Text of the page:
Kooperativer Bibliotheksverbund

Berlin Brandenburg

and
and

Your email was sent successfully. Check your inbox.

An error occurred while sending the email. Please try again.

Proceed reservation?

Export
  • 1
    Language: English
    In: International Journal of Greenhouse Gas Control, March 2016, Vol.46, pp.175-186
    Description: We investigate capillary trapping and fluid migration via x-ray computed microtomography (x-ray CMT) of nonwetting phase (air) and wetting phase (brine) in Bentheimer sandstone cores which have been treated to exhibit different degrees of uniform wettability. x-Ray CMT scans were acquired at multiple steps during drainage and imbibition processes, as well as at the endpoints; allowing for assessment of the impact of wettability on nonwetting phase saturation and cluster size distribution, connectivity, topology and efficiency of trapping. Compared with untreated (water-wet) Bentheimer sandstone, cores treated with tetramethoxylsilane (TMS) were rendered weakly water-wet, and cores treated with octadecyltrichlorosilane (OTS) demonstrate intermediate-wet characteristics. As apparent contact angle increases, drainage flow patterns deviate from those derived for water-wet systems, total residual trapping and trapping efficiency decrease, and buoyancy plays a larger role during nonwetting phase mobilization; this has significant implications for CO migration and trapping during CO sequestration operations.
    Keywords: Wettability ; Drainage Flow Pattern ; Capillary Trapping ; Residual Trapping ; Pore Scale ; Geologic Co2 Sequestration ; Engineering
    ISSN: 1750-5836
    E-ISSN: 1878-0148
    Library Location Call Number Volume/Issue/Year Availability
    BibTip Others were also interested in ...
  • 2
    Language: English
    In: International Journal of Greenhouse Gas Control, June 2014, Vol.25, pp.93-101
    Description: This work utilizes synchrotron-based x-ray computed microtomography (x-ray CMT) imaging to quantify the volume and topology of supercritical carbon dioxide (scCO ) on a pore-scale basis throughout the primary drainage process of a 6 mm diameter Bentheimer sandstone core. Experiments were performed with brine and scCO at 8.3 MPa (1200 psi) and 37.5 °C. Capillary pressure–saturation curves for the scCO -brine system are presented and compared to the ambient air-brine system, and are shown to overlay one another when pressure is normalized by interfacial tension. Results are analyzed from images with a voxel resolution of 4.65 μm; image-based evidence demonstrates that scCO invades the pore space in a capillary fingering regime at a mobility ratio = 0.03 and capillary number = 10 to an end-of-drainage brine saturation of 9%. We provide evidence of the applicability of previous two-dimensional micromodel studies and ambient condition experiments in predicting flow regimes occurring during scCO injection.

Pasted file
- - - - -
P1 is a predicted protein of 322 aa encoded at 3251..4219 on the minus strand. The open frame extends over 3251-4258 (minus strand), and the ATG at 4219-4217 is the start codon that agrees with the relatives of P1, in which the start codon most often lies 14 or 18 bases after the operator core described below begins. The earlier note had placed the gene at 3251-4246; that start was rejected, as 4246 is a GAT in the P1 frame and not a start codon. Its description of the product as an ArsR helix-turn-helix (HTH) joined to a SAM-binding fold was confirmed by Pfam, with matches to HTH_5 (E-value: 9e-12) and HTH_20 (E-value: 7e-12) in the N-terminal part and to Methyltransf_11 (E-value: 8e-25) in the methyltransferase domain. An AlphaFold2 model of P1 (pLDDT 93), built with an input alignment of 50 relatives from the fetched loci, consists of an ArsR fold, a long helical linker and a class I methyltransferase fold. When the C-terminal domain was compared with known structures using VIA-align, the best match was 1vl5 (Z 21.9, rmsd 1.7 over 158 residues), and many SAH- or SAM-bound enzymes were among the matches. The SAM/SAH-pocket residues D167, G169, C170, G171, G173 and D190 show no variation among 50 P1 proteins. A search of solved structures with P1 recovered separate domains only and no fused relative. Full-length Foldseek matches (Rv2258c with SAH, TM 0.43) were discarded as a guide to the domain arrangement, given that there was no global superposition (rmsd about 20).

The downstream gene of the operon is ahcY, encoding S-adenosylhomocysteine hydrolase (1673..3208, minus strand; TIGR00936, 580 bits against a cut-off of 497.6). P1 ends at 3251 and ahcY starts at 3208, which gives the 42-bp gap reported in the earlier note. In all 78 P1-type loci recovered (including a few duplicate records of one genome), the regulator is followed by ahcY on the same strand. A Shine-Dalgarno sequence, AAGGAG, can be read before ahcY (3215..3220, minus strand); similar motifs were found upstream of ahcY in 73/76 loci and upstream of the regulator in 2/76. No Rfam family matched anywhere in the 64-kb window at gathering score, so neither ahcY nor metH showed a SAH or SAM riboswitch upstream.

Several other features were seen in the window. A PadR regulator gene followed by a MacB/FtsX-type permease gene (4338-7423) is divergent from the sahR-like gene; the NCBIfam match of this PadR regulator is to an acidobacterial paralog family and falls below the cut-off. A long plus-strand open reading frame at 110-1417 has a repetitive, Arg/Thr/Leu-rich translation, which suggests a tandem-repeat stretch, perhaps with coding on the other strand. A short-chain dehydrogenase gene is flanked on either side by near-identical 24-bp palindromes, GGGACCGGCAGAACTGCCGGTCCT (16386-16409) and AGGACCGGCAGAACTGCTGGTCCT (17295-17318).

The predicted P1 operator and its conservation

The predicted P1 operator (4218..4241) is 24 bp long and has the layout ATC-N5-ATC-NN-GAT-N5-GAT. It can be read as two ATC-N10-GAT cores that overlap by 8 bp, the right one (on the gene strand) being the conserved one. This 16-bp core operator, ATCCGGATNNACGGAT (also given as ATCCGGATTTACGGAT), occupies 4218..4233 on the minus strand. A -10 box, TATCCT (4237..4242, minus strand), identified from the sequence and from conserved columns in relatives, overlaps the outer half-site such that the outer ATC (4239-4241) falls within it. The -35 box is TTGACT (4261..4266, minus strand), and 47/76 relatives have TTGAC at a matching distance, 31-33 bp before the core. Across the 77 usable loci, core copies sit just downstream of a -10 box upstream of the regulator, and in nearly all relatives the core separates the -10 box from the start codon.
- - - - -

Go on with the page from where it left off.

Keywords: Supercritical Co2 ; Carbon Sequestration ; Capillary Fingering ; Drainage ; X-Ray Microtomography ; Engineering
    ISSN: 1750-5836
    E-ISSN: 1878-0148
    Library Location Call Number Volume/Issue/Year Availability
    BibTip Others were also interested in ...
  • 3
    Language: English
    In: International Journal of Greenhouse Gas Control, November 2015, Vol.42, pp.1-15
    Description: Geological carbon sequestration is being considered worldwide as a means of mitigating anthropogenic emission of greenhouse gases. During sequestration, carbon dioxide (CO ) gas effluent is captured from coal-fired power plants or other concentrated emission sources and injected into saline aquifers or depleted oil reservoirs for long term storage. In an effort to fully understand and optimize CO trapping efficiency, the capillary mechanisms that immobilize subsurface CO were analyzed at the pore-scale. Pairs of proxy fluids representing the potential range of in-situ conditions of supercritical CO (nonwetting fluid) and brine (wetting fluid) were used during experimentation. The two fluids were imbibed and drained from a flow cell apparatus containing a sintered glass bead core. Fluid parameters (such as interfacial tension and fluid viscosities) and flow rate were altered to characterize their relative impact on capillary trapping. Computed x-ray microtomography (microCT) was used to quantify immobilized nonwetting fluid volumes after imbibition and drainage events. MicroCT-analyzed data suggests that capillary trapping in sintered glass bead (a mildly consolidated porous medium) is dictated by the capillary number ( ), the viscosity ratio ( ), and the Bond number ( ) of the system, reflecting that all three viscous, capillary, and gravity forces affect the displacement process to varying degree as their relative importance changes. The amount of residual trapped nonwetting phase was observed to increase with increasing nonwetting fluid viscosity, and with decreasing density difference of the fluids; this suggests that CO sequestration can potentially be engineered for optimal trapping through alterations to the viscosity or density of supercritical CO .
    Keywords: Co2 Sequestration ; Capillary Trapping ; Proxy Fluids ; Viscosity ; Density ; Bond Number ; Capillary Number ; Viscosity Ratio ; Engineering
    ISSN: 1750-5836
    E-ISSN: 1878-0148
    Library Location Call Number Volume/Issue/Year Availability
    BibTip Others were also interested in ...
Close ⊗
This website uses cookies and the analysis tool Matomo. Further information can be found on the KOBV privacy pages